Farewell to Yankee Stadium

I was nine the last time the Yankees missed the playoffs – so young that I don’t even remember it. It’s sad to me that they will miss the playoffs for the first time in 15 years in Yankee Stadium’s final season. Not really the send off Yankee fans were hoping for, especially considering Yankee Stadium has almost been the de facto home of the playoffs since its inception in 1923. In fact, Yankee Stadium has hosted playoff baseball more years than not (45 to 40), and has played host to 15 percent of all postseason games and 21 percent of all World Series games.

I had the privilege of growing up just about an hour’s drive from Yankee Stadium, so I’ve lost count of how many games I’ve taken in at the House the Ruth Built. My memory is also pretty bad, so I’m probably forgetting many great moments – Scott, can you help me out?

I have so many memories at Yankee Stadium, from church trips to “man” trips with my dad and brother, to games with our neighbors, the Fecis, to my “bachelor party” game with Dad and Scott, to my final game this past May (which was my wife’s first and last time there). I’ve seen regular season games, playoff games, and World Series games. I’ve sung along down the ramps after big wins, walked in silence after tough losses, and chanted “Red Sox Suck!” after meaningless games against the Royals.

I really wish I had kept all my tickets from the games or kept a log of the games I attended. There have been some great moment I’ve witnessed – including Darryl Strawberry’s three homerun game in 1996 (he was about 10 feet away from his fourth!), to the 2000 ALCS-clinching homerun by David Justice, to blowout wins (and losses) to heartbreaking losses. I’ve had the privilege of seeing Yankee greats like Mariano Rivera, Derek Jeter, Bernie Williams, Tino Martinez, Jorge Posada, Andy Pettite, Don Mattingly, Alex Rodriguez, and Mike Mussina. Perhaps my only regret in my many trips to the Bronx was that I never visited Monument Park, the open-air museum to all the Yankee greats.

I know my disjointed, rambling memories pale in comparison to other memoirs written about Yankee Stadium, especially to this piece in the most recent issue of Sports Illustrated. I choked up several times in reading the article. I’m looking forward to visiting the new $1.3 billion Yankee Stadium next year, though I know it just won’t be the same. Yankee players and I can no longer say that they play on/watch games at the same field that greats like Ruth, Gehrig, and DiMaggio did. The new Yankee Stadium will have to forge its own memories, starting with the likes of Jeter, Chamberlain, Cano, Hughes, and Rivera (if he doesn’t retire?). Maybe one day my kids and grandkids will look back on the new Yankee Stadium with the same emotions with which I look back on the House that Ruth Built.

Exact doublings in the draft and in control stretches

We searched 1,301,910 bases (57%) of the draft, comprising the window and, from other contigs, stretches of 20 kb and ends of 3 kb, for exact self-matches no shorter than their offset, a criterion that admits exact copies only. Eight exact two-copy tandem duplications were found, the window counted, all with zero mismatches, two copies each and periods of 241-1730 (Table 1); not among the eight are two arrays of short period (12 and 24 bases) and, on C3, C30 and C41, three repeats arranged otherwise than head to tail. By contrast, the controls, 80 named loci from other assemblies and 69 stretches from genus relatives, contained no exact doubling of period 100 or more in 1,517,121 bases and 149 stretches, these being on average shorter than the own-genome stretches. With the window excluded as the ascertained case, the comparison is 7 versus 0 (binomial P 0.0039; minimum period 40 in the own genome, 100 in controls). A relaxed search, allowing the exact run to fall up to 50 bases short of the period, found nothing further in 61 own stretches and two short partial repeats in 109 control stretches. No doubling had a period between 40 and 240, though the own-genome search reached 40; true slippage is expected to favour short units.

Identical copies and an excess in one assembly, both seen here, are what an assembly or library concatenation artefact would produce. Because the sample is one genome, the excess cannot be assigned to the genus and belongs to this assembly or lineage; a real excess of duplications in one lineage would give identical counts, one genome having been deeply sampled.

For you Mets fans, I do have one memory of my first and only time at the Dump, aka Shea Stadium: Greg’s “bachelor party” game and tailgate. We totally got yelled at for having our shirts off. It was so hot.


6 thoughts on “Farewell to Yankee Stadium

  1. Do they most frequently appear during the lunch hour, or do you most often visit during your lunch hour?Actually, I usually write them ahead of time, and schedule them in advance to post around 9:30 the following morning.

  2. I thought of you as I watched the sports news clips and read about the last game at Yankee Stadium and all the goings on after the game, feeling your sadness. I remember well the emotions I felt watching the implosion of Three Rivers Stadium, for all the wonderful memories I had there. I am sad, too, that I never got to visit Yankee Stadium – it won’t be quite the same if I ever get to the new one.

  3. I didn’t realize it was possible to have good memories of Three Rivers Stadium. I saw a game during its last weekend in 2000 and thought the decision to implode it was justified.Conversely, I have nothing but good memories from each time at PNC Park. I agree with those who regard it one of the best stadiums in baseball.

  4. I can't think of any more appropriate time to brag about my connection to Mr. Mussina.1. Mike Mussina's mom was my mom's OBGYN when I was born.2. Mike Mussina buys tractors and farm equipment from CH Waltz & Sons (if you remember Seth or Gus Boehret, this would be their grandfather's business).3. He's from Montoursville (I currently work in montoursville and used to go to "moose brothers subs" for lunch…)4. I wore his hand-me-down when I was 4-6 years old (the mussinas had a yard sale, and because of my mom's acquaintance with the mussinas, she went and got a lot of clothes for me).5. One of my buddies will probably be renovating Mike Mussina's barn next month (I'm defininitely going to try to "help.").6. Amy Smith – one of our staff members at susque for the last several years – is neighbors to Mike (though she didn't really know of his fame outside of being her neighbor – "I think he's like a pitcher or something…I'm not sure").Therefore, Mike Mussina and I are practically best friends, though I've only met him once.


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